The Irish In New Haven: History
The Irish Community of New Haven in the mid 1800’s was centered in
the “Old Third Ward” (bordered by Davenport Ave., George St. and
the harbor) and came to be known as “The Hill Neighborhood”. This area was heavily populated by Irish and German immigrants, especially on Congress and Lafayette Ave.
While there appear to have been some Irish laborers in New Haven as early as the 1820’s, the majority of the Irish immigrants arrived twenty years later. The accessibility of New Haven to the Port of New York made the town the chief receiving point for immigrants in the State of Connecticut. Some Irish immigrants arrived in New Haven via a less popular route through Nova Scotia and New Brunswick, and then by boat or land into the US. Shipping companies already going to Ireland with shipments of timber were happy to fill their boats with Irish immigrants for the return trip. They sometimes charged as little as 15 shillings, compared with the fare of 5 pounds to go to New York.
In the 1840’s the Irish were first attracted to New Haven by the promise of work building
the ill fated Farmington Canal. Later they sought work with the Railroad and such companies as the rifle manufacturer, Winchester Repeating Arms. The Irish were quick to make thier mark on the city by organizing the first St. Patrick’s Day Parade in 1842. Irish immigrants also made contributions to industry in New Haven. For example by 1850 a Linen Damask Factory and a major
contracting business had been started by Irish immigrant Matthew O’Connell of Dublin. In 1851, Patrick Maher, a mason-builder, started a contracting business and proceeded to build a number of important structures in town.
The following is from Immigration to United States: Connecticut:
Around 1850, a growth spurt began in Connecticut’s population, partly because of the state’s proximity to New York, where the bulk of European immigrants entered the United States. In 1850, Connecticut’s immigrant population of more than 38,000 constituted about 10 percent of all state residents, but by 1870, that proportion had risen to nearly 25 percent. Increases in immigrant numbers were particularly noticeable in Hartford and New Haven. Of the 113,000 immigrants living in Connecticut in 1870, more than half were Irish.
The following is from An Ethnic History of New Haven; connecticuthistory.org
The coming of the Irish aroused deep-seated fears of Irish Catholics, based on the fear
that they were hostile to U.S. values and controlled by the Pope in Rome.
The Irish organized self-help organizations, like the Hibernians; organized their own
schools where children were taught by nuns; and, above all, they enlisted en masse
into the Democratic Party, which provided them with a rapid means of social and
economic advance. This political move frightened many Yankees who worried that
radicals and Catholics would join forces to take political control of Connecticut.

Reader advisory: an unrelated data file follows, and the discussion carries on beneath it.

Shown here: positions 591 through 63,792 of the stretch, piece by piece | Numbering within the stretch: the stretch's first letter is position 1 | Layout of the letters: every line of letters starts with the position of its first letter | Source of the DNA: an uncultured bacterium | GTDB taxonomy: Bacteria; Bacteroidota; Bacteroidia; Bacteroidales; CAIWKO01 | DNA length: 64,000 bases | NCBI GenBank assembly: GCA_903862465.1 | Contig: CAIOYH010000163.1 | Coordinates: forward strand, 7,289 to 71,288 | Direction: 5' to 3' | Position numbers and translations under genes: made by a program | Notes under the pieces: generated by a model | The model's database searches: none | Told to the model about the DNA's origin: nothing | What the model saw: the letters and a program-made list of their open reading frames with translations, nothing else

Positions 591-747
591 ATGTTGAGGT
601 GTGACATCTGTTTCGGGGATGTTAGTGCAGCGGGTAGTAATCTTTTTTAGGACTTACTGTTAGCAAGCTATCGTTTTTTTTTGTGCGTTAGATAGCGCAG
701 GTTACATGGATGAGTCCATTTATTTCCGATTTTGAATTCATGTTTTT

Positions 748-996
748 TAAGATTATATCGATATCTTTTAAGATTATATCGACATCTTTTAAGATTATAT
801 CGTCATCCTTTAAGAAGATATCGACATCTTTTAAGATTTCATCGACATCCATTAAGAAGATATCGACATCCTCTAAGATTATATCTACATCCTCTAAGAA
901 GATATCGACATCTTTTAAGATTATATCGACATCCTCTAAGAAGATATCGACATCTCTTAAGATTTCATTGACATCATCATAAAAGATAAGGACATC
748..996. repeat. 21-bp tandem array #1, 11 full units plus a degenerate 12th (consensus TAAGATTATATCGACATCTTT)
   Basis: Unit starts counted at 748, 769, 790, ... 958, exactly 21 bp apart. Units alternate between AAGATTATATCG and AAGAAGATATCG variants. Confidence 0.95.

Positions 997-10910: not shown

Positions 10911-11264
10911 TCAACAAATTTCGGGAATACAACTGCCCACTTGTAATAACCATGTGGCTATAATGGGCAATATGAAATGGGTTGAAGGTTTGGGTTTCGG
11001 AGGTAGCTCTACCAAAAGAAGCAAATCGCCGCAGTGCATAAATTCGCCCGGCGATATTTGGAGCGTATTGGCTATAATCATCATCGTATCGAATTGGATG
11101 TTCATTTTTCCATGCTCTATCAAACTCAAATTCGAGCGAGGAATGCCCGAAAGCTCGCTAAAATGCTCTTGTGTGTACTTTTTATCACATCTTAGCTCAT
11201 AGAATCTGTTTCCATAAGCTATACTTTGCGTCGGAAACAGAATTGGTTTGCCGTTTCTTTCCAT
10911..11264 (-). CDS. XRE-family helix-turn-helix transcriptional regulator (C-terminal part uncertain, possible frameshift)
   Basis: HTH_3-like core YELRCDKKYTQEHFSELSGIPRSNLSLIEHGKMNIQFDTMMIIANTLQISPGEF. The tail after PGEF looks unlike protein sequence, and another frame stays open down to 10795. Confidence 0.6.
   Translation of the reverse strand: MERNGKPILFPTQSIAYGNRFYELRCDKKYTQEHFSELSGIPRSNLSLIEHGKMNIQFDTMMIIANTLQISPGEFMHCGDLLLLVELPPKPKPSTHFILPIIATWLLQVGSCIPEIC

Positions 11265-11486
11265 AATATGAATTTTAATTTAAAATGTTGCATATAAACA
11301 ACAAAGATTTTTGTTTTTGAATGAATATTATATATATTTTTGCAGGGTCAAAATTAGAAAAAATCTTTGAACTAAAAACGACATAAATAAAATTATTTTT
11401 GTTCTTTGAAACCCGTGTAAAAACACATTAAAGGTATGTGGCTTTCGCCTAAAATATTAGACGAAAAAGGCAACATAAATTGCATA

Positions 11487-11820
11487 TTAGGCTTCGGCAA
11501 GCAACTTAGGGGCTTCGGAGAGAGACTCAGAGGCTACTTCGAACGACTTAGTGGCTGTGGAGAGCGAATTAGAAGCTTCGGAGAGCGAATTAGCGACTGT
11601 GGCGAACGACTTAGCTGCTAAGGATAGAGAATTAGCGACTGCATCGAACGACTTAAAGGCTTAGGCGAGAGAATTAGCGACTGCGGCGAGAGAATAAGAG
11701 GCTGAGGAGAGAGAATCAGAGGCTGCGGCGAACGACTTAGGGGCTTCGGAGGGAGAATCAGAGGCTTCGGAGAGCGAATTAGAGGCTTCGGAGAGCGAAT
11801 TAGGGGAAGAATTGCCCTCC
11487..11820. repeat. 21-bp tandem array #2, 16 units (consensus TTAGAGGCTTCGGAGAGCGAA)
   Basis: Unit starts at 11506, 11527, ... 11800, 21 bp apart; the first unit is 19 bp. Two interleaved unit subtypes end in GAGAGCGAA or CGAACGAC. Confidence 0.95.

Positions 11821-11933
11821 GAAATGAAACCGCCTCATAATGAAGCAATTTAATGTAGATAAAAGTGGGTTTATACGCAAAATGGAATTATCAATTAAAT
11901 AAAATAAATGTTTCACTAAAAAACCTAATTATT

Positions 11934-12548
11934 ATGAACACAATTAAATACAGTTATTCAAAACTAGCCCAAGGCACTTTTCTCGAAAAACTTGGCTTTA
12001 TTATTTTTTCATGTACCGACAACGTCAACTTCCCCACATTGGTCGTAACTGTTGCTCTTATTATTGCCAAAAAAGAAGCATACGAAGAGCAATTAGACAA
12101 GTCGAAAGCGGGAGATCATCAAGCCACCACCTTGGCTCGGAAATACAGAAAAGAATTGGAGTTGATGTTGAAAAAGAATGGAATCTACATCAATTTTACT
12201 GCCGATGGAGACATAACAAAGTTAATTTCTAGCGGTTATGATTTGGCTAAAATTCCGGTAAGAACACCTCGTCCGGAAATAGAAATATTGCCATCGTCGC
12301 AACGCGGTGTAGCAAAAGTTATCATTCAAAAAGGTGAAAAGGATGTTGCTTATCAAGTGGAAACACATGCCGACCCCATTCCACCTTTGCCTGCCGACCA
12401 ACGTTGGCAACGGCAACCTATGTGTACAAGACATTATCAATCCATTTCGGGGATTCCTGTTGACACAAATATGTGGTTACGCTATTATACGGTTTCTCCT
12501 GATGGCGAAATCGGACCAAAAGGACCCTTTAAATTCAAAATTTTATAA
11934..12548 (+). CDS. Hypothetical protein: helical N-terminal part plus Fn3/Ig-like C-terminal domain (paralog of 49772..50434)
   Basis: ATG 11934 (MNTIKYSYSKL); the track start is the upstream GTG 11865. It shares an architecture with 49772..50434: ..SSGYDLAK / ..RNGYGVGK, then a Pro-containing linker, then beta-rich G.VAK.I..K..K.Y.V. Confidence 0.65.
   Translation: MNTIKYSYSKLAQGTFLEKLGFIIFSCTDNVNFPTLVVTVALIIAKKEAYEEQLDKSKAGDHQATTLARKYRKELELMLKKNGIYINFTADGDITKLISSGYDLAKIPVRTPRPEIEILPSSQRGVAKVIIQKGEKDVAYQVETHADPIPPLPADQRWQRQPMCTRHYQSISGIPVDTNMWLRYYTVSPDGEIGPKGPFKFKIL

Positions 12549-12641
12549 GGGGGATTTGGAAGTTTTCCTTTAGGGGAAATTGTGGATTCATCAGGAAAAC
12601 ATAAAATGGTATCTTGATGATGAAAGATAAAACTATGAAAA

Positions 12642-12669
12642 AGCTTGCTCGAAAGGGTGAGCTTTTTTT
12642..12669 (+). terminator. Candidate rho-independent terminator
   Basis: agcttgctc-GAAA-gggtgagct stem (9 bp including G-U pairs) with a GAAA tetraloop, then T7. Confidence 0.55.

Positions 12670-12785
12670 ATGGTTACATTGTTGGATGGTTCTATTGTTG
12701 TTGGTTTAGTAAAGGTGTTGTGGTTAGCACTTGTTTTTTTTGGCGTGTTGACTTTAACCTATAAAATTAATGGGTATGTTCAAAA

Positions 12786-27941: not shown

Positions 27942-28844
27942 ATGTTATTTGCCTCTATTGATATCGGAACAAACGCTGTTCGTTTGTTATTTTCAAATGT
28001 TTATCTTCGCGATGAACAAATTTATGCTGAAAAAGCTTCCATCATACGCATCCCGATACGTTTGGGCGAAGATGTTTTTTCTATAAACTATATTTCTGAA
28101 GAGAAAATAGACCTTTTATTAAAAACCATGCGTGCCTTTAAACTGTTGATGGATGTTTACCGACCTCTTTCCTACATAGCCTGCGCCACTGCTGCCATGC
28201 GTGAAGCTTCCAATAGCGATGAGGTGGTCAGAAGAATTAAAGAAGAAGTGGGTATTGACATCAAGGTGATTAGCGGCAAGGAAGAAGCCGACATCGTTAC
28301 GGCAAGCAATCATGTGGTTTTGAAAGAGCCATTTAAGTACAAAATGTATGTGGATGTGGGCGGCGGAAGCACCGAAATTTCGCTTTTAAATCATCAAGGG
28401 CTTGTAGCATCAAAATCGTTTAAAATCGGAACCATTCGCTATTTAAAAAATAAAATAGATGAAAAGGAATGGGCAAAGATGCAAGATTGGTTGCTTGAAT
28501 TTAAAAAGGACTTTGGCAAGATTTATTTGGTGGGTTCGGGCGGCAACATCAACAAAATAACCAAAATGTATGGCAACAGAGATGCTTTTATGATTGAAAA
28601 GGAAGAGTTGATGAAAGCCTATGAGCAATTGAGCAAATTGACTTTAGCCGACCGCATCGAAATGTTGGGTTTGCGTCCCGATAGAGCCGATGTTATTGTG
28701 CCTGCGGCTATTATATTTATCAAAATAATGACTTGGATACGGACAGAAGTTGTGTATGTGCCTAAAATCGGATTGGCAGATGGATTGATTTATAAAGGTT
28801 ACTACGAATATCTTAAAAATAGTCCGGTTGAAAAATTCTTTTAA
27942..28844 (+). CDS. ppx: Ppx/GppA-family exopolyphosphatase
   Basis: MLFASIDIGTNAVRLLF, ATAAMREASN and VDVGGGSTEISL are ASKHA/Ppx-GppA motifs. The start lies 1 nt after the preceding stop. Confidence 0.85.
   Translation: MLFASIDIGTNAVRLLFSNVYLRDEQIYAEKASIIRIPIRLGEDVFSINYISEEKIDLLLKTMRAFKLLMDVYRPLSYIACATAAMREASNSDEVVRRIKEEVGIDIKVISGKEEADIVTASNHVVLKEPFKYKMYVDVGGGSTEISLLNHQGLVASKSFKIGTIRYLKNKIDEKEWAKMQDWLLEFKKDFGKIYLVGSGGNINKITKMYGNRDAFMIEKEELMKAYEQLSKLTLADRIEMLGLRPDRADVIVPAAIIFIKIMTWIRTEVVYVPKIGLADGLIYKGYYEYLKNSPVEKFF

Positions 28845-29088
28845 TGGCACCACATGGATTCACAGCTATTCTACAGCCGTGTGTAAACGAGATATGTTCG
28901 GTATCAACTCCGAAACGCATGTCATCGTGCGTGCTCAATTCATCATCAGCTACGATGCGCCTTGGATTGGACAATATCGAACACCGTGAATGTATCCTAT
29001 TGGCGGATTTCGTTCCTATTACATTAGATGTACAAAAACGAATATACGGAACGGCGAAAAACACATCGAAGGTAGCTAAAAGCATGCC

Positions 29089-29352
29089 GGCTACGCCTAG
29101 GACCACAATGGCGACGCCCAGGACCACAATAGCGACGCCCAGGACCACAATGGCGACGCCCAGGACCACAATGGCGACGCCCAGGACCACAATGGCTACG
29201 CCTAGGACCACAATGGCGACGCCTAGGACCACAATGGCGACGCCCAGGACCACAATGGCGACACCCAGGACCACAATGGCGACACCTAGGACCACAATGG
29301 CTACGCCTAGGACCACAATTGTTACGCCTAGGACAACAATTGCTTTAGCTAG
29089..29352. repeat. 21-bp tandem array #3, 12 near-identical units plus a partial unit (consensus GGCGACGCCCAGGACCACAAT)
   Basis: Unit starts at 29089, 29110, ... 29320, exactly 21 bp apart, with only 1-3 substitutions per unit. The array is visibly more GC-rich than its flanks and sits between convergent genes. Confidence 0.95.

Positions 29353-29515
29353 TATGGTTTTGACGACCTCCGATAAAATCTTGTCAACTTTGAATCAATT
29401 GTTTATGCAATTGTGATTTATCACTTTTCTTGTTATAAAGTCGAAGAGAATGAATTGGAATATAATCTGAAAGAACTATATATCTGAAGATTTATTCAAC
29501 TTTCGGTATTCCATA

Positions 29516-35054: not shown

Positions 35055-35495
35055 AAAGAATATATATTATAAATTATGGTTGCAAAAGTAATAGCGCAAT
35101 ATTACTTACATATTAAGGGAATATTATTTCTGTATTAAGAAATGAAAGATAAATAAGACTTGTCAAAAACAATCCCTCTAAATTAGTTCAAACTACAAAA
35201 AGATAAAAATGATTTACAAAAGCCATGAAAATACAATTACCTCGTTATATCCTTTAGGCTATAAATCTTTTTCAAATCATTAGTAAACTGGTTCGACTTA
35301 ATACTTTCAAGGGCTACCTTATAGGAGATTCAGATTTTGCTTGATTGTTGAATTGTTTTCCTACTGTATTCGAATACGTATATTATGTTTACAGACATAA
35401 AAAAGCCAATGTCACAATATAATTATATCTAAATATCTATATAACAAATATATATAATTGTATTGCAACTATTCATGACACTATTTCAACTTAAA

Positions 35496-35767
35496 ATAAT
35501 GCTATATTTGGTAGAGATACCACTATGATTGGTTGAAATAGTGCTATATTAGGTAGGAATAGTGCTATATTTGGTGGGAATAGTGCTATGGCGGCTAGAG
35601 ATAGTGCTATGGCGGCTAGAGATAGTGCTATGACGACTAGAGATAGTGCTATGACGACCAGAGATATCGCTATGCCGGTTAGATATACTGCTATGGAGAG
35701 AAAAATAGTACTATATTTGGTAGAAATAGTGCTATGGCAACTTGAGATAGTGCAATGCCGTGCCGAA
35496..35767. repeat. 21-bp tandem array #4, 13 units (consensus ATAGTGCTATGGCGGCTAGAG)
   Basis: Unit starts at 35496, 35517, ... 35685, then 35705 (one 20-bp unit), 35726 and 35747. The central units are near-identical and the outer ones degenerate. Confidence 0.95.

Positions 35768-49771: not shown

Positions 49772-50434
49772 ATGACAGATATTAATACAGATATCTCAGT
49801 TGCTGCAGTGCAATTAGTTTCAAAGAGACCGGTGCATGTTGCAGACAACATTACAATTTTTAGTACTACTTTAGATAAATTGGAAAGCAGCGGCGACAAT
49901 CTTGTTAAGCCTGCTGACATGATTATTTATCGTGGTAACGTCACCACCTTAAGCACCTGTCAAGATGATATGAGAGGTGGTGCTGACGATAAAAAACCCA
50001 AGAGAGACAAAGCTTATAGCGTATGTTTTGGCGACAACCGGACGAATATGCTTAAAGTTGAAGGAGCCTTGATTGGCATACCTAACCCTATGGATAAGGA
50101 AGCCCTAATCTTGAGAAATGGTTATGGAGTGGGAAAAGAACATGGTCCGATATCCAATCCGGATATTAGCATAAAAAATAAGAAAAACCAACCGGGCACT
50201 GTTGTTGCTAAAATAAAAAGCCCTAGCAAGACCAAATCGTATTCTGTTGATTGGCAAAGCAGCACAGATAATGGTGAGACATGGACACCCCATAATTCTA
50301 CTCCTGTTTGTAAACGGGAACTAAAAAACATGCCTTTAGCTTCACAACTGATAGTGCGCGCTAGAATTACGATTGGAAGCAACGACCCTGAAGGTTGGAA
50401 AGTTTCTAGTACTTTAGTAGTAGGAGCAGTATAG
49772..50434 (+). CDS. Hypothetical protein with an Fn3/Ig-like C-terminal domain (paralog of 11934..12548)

In response, in 1843 a new political party was formed. Originally called the American
Republican Party, it came to be known by several names; its members became known
as the “Know-Nothings.”
The New Haven Hospital had a presence in this neighborhood as early as 1861, where it is listed in the City Directory as “State Hospital”. It was situated between Davenport and Congress Avenues west of Cedar St. Today, the hospital, known as “Yale New Haven Hospital”, occupies a large section of what was residential areas in “The Hill”.
The Irish also faced difficulties being accepted by the US born residents of New Haven. The Irish were accused of taking work away from “native born” citizens and the Protestants were unnerved by the growing number of Catholics.
By the 1880’s the Irish were being replaced in “The Hill” by Jewish and Italian immigrants. The Irish began to move out to the newly developed “Streetcar Suburbs”. Irish immigration was reduced to a trickle by 1880.
During the Civil War era New Haven’s “Carriage Industry” became one of the nation’s largest. Many of my ancestors worked as “carriage painters” or “carriage smiths” during this time. The City of New Haven was also experiencing a growth in population at this time.
“At the outbreak of the war, the population was 40,000; by the turn of the century it had grown to 108,000. Many of the new citizens had immigrated from abroad from such areas as Ireland, Italy, and Eastern Europe. “
By the 1950’s “The Hill” had deteriorated into one of the worst areas of New Haven. “City leaders considered Oak Street their worst slum, “a hard core of cancer which had to be removed,” as New Haven’s mayor at the time put it.”(~from “Death of Neighborhood” by Rob Gurwitt; Sep/Oct 2000) There fore the entire neighborhood was razed in a rash of “Urban Renewal”. Most of “The Hill” is now covered by Yale-New Haven Hospital and highway.